Lynda Lippman Lockhart, a native of St. Petersburg, Florida, graduated from the University of Florida with a degree in teaching and went on to earn her English degree at the University of South Florida. She was the director of a nursery school for four years and a high school English teacher for twenty-six years. Upon retirement, she began her current profession—writing. Lynda honed her writing skills by attending workshops at the University of Iowa, Lesley University, and Eckerd College.
Lynda and her husband, Robert, have two children and six grandchildren and currently live in St. Petersburg, Florida.
For more information please visit Lynda Lippman-Lockhart's website.
The Laundry Room: The British Mandate over Palestine is coming to an end. The purpose of the Mandate was to divide a portion of the now defunct Ottoman Empire into two British protectorates: Palestine, which would include a home for the Jewish people, and Transjordan, an emirate under the rule of the Hashemite family. The problem: how will these two diametrically opposed peoples survive after the Mandate ends? In 1946, when the King David Hotel outside the “Old City” of Jerusalem is bombed, peace-loving Laila Posner becomes a victim. Swept up in the blast, she flies through the air like a dove and lands as a hawk, transformed for all the wrong reasons.
Upon recovery, Laila joins a group of young people—many of whom have been orphaned by the Holocaust—sent to Palestine for protection. Forty-five of these Young Pioneers form a kibbutz and resolve never to let someone else direct their lives. The success of the kibbutz reaches the ears of the Haganah, the Jewish secret police, who approach the kibbutz with a proposition: participate in a clandestine operation to save the Jewish state. It is during her time at the Ayalon Institute—a name given to disguise its activities—that Laila comes of age, taking a leading role in the operation of the kibbutz and running the secret factory.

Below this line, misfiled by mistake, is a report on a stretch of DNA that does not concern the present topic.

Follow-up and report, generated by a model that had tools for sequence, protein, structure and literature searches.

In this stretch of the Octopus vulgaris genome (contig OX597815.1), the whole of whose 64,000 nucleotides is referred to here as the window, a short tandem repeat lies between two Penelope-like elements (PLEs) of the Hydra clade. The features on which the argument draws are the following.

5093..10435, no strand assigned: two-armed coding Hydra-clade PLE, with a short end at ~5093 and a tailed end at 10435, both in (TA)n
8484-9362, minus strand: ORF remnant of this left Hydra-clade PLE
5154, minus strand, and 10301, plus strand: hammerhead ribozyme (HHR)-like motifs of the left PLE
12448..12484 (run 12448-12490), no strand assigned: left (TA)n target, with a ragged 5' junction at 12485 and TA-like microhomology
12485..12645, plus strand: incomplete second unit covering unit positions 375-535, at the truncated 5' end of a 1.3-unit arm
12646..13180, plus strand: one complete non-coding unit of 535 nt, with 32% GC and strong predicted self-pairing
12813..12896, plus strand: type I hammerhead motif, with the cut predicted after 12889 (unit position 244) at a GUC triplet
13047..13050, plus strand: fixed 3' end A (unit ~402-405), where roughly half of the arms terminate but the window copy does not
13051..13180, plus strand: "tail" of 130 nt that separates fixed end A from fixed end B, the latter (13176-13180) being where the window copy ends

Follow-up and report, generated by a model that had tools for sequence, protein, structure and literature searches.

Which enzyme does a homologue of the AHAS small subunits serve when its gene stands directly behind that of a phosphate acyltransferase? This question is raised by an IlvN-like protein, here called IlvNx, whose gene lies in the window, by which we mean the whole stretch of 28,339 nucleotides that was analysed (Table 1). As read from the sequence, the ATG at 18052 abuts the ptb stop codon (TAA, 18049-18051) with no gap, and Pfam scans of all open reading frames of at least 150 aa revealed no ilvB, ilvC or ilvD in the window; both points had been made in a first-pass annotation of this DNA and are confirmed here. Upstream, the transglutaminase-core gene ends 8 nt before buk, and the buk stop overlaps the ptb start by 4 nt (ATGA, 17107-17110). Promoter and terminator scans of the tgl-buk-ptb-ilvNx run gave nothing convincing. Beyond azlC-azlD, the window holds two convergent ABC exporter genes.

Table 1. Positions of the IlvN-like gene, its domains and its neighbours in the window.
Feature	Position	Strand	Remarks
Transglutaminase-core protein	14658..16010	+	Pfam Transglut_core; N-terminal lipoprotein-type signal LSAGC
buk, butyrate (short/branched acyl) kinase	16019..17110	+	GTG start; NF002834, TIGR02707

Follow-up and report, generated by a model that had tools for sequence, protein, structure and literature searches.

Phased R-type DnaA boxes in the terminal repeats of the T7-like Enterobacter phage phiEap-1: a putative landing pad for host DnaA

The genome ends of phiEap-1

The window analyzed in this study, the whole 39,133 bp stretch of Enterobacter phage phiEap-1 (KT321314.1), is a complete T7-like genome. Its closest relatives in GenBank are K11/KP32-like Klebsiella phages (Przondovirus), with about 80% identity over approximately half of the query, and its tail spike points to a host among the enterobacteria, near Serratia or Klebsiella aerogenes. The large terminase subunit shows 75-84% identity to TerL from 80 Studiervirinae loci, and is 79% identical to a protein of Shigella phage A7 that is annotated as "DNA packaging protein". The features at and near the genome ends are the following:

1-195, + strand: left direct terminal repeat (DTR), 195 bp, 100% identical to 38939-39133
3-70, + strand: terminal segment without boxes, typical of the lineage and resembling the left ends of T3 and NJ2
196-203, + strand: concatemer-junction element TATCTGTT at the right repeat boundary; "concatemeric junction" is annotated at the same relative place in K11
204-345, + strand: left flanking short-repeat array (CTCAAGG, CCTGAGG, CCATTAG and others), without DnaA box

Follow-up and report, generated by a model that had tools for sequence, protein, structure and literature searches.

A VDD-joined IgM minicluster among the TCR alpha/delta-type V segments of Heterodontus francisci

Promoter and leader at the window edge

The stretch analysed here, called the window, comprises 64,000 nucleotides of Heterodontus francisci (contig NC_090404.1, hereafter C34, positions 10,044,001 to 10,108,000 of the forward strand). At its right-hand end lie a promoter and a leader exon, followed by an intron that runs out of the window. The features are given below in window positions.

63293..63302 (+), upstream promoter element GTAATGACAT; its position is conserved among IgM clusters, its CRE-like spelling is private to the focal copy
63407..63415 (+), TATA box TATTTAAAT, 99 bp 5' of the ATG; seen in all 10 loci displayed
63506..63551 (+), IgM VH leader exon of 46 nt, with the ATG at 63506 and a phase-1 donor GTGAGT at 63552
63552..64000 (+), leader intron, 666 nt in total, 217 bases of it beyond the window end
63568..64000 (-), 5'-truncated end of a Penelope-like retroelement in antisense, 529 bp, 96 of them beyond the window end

In the face of daily challenges to survive—volatile compounds, marauding Arabs, and the fear of discovery by the British—Laila finds the strength to go on. Amid the turmoil of the time, a close-knit community is formed, spawning lifetime attachments and love. Laila, however, never forgets the young British soldier who came to her assistance during the bombing of the King David Hotel, which causes friction between her and her kibbutz sweetheart. His intermittent presence in her life leaves her feeling uneasy about her future.
The selflessness of these youths who came to the aid of their country is a testament to how heroes are formed out of ordinary human beings.